With the federal election coming up on Monday, Oct. 21, it’s important to understand how a conservative government would affect people with disabilities and chronic illnesses.
Conservative leader Andrew Scheer may trash other candidates in his ads, but he doesn’t look like such a great choice himself.
According to a Vice News article, Campaign Life Coalition, a religious organization that aggressively opposes abortion and gay marriage, supports Scheer’s voting record.
Vice reporter Justin Ling writes that Scheer’s “record includes him voting against bills to legalize gay marriage, enshrine human rights protections for transgender people and to allow physician-assisted dying.” He has also voted “in favour of passing a legislation act to redefine when, during pregnancy, a fetus is considered a human being.”
These legislation changes, if enacted, would likely be detrimental. Banning abortions could lead to heightened stress on the medical system by increasing the amount of pregnancies that are carried to term. The medical system would not only have to account for more births, but also for additional complications and dangerous pregnancies, as well as the affer-effects of “back-alley” abortions.
People can take precautions to try and avoid pregnancies, but they can still happen. Personally, the thought of an abortion ban is quite scary. Because of my health issues, a pregnancy would be extremely dangerous for me.
Additionally, the Conservatives, both federally and provincially, don’t want to expand public health-care coverage. Scheer’s platform dismisses the recommendations that a federal advisory committee made to extend prescription drug coverage to all Canadians. He instead proposed that “there are other ways for the federal government to ensure Canadians have access to necessary drugs, such as filling gaps in coverage for people without access to provincial or employer-sponsored plans.”
Scheer does not specify what funding gaps they intend to fill. In fact, the Conservative Party website doesn’t have an easy-to-find list of the policies they want to change.
Ontario can provide somewhat of an example of what kind of cuts a federal Conservative government might make. The province has seen cuts to drug coverage for youth under 25, paramedic services and out-of-country health coverage. The Conservatives have also put essential programs for disease control, immunization, food and water safety in danger by opening the door to more privatization of health care.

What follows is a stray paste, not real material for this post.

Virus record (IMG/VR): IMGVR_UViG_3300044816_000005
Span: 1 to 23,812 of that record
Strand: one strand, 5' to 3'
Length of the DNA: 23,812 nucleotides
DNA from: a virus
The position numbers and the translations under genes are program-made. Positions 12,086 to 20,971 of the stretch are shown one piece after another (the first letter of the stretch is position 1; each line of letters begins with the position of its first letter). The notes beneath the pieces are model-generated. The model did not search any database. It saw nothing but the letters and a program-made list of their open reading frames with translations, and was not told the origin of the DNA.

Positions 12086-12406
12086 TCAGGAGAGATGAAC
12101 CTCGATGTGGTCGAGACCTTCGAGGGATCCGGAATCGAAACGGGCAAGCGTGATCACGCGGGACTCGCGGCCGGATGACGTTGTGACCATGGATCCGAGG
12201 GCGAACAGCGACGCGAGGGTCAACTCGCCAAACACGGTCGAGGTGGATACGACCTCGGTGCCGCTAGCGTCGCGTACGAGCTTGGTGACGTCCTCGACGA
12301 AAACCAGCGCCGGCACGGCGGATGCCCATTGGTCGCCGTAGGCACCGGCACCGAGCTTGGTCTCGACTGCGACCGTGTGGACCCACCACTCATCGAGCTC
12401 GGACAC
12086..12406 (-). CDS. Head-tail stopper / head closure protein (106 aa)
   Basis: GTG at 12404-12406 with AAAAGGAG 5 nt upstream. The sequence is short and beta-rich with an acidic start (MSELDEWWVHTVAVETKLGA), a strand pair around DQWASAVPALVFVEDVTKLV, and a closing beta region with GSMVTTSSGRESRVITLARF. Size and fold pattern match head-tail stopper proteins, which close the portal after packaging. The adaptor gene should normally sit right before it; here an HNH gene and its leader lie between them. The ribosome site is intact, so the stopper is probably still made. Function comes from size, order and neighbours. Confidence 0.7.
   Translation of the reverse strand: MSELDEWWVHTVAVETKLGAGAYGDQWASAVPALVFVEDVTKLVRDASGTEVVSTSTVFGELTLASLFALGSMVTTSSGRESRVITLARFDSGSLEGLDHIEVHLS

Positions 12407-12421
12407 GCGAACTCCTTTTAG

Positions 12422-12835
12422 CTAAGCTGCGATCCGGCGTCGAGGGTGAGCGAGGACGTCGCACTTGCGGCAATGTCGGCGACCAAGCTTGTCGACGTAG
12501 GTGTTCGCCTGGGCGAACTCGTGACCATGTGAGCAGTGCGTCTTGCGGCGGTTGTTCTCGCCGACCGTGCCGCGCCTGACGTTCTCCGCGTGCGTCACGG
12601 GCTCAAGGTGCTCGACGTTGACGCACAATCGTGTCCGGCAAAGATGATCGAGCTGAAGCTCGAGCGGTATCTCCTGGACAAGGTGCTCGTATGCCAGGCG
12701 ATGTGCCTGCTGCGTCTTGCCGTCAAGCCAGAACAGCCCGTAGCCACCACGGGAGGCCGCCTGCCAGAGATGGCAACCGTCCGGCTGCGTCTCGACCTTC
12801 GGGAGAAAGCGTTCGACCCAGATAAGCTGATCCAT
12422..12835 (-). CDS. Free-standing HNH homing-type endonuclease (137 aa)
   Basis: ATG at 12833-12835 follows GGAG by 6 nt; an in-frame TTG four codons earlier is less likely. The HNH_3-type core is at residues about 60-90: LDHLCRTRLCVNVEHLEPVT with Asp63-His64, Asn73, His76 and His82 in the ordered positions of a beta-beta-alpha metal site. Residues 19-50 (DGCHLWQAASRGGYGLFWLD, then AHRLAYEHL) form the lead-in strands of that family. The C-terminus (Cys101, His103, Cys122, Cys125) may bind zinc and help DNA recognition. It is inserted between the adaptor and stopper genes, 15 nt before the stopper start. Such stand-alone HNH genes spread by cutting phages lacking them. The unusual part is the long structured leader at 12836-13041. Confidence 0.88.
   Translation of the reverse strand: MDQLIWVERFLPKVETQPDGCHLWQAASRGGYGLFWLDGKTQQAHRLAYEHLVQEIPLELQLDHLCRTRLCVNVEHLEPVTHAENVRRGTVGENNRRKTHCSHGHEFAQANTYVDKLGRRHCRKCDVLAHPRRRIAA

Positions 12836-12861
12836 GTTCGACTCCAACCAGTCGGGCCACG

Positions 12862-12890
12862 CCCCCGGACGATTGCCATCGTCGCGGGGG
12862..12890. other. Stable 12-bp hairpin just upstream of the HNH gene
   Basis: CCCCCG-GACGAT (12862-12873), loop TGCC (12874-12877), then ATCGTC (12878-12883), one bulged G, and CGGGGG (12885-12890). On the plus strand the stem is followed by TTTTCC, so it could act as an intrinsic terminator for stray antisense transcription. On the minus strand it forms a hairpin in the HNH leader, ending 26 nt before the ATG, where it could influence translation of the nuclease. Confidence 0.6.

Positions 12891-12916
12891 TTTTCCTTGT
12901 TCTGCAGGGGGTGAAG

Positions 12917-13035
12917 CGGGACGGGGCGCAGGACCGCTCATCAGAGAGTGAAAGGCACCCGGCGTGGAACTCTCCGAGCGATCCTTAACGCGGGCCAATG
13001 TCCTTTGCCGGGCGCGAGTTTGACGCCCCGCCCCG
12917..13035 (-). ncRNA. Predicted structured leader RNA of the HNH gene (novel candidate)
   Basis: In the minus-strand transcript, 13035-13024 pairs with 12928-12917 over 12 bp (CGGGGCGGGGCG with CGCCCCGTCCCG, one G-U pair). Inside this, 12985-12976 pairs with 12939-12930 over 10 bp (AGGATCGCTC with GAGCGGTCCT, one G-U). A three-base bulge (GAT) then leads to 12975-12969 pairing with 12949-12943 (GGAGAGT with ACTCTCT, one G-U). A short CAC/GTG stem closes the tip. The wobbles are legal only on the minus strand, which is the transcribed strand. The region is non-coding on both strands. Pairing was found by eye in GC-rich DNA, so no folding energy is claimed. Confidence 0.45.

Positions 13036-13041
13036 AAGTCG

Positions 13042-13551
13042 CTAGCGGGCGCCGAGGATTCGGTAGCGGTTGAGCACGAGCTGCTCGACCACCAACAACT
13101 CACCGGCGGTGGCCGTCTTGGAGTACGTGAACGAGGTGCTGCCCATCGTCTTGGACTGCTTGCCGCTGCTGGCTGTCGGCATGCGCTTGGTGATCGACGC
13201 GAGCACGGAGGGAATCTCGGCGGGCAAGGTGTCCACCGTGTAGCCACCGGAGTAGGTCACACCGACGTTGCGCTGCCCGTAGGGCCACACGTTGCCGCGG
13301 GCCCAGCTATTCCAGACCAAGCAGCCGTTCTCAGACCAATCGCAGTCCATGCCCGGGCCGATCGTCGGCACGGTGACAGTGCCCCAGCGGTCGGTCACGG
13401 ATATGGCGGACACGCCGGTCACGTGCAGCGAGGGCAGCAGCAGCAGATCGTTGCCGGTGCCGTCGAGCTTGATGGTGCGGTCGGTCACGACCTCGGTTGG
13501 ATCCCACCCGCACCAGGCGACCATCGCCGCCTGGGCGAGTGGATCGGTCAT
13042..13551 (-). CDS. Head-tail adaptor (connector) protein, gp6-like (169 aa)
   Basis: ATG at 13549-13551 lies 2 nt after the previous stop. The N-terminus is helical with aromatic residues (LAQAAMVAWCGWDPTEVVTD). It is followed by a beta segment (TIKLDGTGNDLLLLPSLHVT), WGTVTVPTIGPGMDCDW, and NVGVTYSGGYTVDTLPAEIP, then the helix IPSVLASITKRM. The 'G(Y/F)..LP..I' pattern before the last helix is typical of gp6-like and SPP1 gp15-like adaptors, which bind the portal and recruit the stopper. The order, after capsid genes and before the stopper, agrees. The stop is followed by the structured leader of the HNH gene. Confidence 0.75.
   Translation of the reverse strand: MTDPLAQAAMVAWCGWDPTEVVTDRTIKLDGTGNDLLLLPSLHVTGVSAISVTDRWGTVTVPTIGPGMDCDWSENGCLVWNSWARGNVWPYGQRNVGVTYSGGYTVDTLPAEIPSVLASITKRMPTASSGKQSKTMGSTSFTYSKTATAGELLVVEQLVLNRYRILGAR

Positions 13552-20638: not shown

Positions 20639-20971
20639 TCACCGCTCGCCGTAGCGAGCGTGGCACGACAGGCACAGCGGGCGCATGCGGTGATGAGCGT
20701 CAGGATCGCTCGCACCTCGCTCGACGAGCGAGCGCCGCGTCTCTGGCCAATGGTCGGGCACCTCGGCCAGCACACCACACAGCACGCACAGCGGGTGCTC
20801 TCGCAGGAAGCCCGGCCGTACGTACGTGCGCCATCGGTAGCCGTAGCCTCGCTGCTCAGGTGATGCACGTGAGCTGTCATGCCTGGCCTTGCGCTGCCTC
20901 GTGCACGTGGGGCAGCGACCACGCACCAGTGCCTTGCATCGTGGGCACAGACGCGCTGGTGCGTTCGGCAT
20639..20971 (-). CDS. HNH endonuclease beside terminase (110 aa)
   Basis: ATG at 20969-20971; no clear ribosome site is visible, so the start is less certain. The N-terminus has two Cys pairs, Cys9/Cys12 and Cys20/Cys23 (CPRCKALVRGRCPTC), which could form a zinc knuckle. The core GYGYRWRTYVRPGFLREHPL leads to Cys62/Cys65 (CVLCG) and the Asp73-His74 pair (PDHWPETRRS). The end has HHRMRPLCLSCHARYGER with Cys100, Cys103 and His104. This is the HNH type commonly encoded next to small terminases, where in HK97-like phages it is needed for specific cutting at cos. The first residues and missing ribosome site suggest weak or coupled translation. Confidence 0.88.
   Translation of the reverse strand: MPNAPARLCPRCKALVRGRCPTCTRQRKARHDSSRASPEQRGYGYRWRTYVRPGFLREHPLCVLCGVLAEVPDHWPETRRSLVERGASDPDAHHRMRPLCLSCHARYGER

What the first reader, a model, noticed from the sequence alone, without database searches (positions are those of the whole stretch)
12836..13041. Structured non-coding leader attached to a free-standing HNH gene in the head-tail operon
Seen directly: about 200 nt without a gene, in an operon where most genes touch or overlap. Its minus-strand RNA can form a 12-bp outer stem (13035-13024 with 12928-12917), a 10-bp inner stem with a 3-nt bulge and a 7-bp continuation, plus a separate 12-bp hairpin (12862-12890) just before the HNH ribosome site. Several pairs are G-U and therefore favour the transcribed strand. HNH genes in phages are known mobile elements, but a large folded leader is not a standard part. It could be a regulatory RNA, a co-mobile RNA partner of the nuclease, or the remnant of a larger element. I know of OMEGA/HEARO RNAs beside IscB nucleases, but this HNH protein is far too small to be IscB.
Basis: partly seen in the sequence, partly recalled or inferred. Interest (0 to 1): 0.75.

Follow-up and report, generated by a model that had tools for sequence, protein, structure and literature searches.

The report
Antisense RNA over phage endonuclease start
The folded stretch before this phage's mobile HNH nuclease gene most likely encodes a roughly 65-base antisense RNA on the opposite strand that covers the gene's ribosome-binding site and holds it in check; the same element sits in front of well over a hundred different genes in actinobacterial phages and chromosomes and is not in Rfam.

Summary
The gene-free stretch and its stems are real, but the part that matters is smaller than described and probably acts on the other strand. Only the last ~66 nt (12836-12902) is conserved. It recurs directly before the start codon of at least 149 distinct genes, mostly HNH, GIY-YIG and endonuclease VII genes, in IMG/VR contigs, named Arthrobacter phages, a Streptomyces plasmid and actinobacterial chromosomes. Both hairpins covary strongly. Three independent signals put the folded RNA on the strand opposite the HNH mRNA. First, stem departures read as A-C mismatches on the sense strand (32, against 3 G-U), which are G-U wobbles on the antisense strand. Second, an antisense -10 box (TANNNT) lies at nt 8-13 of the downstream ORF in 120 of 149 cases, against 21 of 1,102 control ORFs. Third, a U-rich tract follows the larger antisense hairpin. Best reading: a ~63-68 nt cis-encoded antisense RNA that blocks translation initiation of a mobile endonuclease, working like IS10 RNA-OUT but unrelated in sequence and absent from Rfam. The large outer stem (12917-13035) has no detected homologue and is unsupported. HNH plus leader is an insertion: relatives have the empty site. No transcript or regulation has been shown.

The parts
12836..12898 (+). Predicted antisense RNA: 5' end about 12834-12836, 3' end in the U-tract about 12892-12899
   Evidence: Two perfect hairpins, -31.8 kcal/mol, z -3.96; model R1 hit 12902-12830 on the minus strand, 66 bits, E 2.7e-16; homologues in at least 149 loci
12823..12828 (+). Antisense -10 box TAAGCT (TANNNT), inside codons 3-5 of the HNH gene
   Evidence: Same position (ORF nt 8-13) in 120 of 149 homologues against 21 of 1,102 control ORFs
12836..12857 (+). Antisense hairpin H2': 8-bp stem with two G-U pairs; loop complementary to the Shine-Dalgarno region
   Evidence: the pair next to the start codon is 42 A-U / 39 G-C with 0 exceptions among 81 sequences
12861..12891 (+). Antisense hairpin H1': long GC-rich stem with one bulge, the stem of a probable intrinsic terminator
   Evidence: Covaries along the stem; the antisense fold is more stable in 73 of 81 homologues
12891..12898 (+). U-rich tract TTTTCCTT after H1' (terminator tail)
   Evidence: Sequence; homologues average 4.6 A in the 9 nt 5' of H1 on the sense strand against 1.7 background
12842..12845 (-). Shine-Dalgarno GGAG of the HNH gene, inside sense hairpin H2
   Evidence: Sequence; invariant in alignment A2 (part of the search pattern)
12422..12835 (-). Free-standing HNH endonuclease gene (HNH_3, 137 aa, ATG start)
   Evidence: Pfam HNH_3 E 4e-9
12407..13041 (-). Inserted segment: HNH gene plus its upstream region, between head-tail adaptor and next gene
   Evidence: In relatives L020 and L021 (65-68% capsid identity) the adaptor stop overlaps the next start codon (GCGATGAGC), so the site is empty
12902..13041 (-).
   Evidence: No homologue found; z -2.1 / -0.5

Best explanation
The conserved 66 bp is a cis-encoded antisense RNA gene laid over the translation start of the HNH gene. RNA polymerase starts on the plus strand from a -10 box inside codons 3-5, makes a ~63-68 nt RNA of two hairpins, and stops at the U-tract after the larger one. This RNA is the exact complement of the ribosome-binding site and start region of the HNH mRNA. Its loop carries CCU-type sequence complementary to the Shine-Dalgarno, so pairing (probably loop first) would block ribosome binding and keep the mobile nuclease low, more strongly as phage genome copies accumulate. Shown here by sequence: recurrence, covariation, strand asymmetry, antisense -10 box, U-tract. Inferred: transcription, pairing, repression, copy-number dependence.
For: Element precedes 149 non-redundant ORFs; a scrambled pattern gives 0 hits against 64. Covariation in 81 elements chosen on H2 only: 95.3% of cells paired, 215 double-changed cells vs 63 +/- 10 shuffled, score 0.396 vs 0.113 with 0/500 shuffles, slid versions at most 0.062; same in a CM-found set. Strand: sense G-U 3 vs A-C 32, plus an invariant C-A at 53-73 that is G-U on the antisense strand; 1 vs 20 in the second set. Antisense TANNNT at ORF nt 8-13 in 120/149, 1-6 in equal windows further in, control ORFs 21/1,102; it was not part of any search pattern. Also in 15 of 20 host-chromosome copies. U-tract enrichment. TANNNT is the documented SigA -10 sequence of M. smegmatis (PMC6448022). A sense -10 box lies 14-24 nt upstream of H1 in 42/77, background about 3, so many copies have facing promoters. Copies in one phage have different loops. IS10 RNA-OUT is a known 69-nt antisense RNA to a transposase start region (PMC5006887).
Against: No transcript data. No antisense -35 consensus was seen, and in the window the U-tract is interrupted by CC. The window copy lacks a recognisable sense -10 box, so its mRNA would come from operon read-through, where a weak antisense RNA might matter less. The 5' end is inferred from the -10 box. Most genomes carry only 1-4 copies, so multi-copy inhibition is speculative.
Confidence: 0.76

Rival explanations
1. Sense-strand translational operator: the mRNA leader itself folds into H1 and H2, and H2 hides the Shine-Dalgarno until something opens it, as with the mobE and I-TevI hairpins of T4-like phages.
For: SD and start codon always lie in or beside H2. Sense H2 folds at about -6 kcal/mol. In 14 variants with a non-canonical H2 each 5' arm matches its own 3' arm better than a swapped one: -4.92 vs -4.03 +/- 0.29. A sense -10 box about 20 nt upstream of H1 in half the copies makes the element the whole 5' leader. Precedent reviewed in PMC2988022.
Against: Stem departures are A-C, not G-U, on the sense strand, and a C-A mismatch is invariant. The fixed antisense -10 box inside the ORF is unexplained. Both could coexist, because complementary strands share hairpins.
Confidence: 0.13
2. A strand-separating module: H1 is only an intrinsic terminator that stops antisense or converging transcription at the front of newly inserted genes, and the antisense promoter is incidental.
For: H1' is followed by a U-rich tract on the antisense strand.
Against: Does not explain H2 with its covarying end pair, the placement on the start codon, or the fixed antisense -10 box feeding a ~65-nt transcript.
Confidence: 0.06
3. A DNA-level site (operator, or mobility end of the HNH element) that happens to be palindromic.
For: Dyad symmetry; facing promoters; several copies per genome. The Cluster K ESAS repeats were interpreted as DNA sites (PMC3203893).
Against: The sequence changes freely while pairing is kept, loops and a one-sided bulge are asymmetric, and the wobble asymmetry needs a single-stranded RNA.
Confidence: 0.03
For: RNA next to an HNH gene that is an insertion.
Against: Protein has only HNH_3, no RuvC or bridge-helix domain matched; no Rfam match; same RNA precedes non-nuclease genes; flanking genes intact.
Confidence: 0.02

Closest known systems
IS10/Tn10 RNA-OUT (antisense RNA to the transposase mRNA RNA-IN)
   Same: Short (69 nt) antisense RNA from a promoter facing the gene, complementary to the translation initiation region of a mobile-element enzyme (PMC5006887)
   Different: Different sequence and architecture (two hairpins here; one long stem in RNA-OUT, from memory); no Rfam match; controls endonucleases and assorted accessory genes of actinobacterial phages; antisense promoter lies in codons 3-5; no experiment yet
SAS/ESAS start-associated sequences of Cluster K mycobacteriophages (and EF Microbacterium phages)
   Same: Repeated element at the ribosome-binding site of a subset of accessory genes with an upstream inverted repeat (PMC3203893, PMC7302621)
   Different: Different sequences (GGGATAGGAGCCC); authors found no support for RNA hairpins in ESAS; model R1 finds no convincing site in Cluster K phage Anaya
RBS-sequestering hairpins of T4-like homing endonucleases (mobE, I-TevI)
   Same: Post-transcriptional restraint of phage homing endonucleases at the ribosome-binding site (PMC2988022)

For people who are disabled and chronically ill, private health care can be absolutely terrifying. These individuals are more likely to be low-income, because their illnesses can restrict their abilities.
Data from a 2014 Longitudinal and International Study of Adults (LISA) shows that “In 2014, persons with a disability accounted for approximately one-fifth of the overall (Canadian) population aged 25 to 64,” and that, of this percentage, those living with disabilities were statistically much more likely to be low-income or unemployed than people without a disability.
Many folks living with disabilities or chronic illnesses depend on disability payments and fixed incomes and still struggle to afford their expensive medications. Even with exemptions due to low-income status and after insurance, medication can cost hundreds of dollars.
Other parties are more empathetic to the economic barriers experienced by people with disabilities. Conservative candidates, in general, do not believe in social programs or providing for them. Scheer is no different. He’s not for national pharmacare, which means he’s not for affordable medicine.
Crystal is a 30-year-old woman living with a progressive, terminal illness. However, she lives her life to the fullest by getting several tattoos, writing her blog on Facebook, modeling, advocating for various causes and sporting a rocker girl style.
Published in Volume 74, Number 6 of The Uniter (October 10, 2019)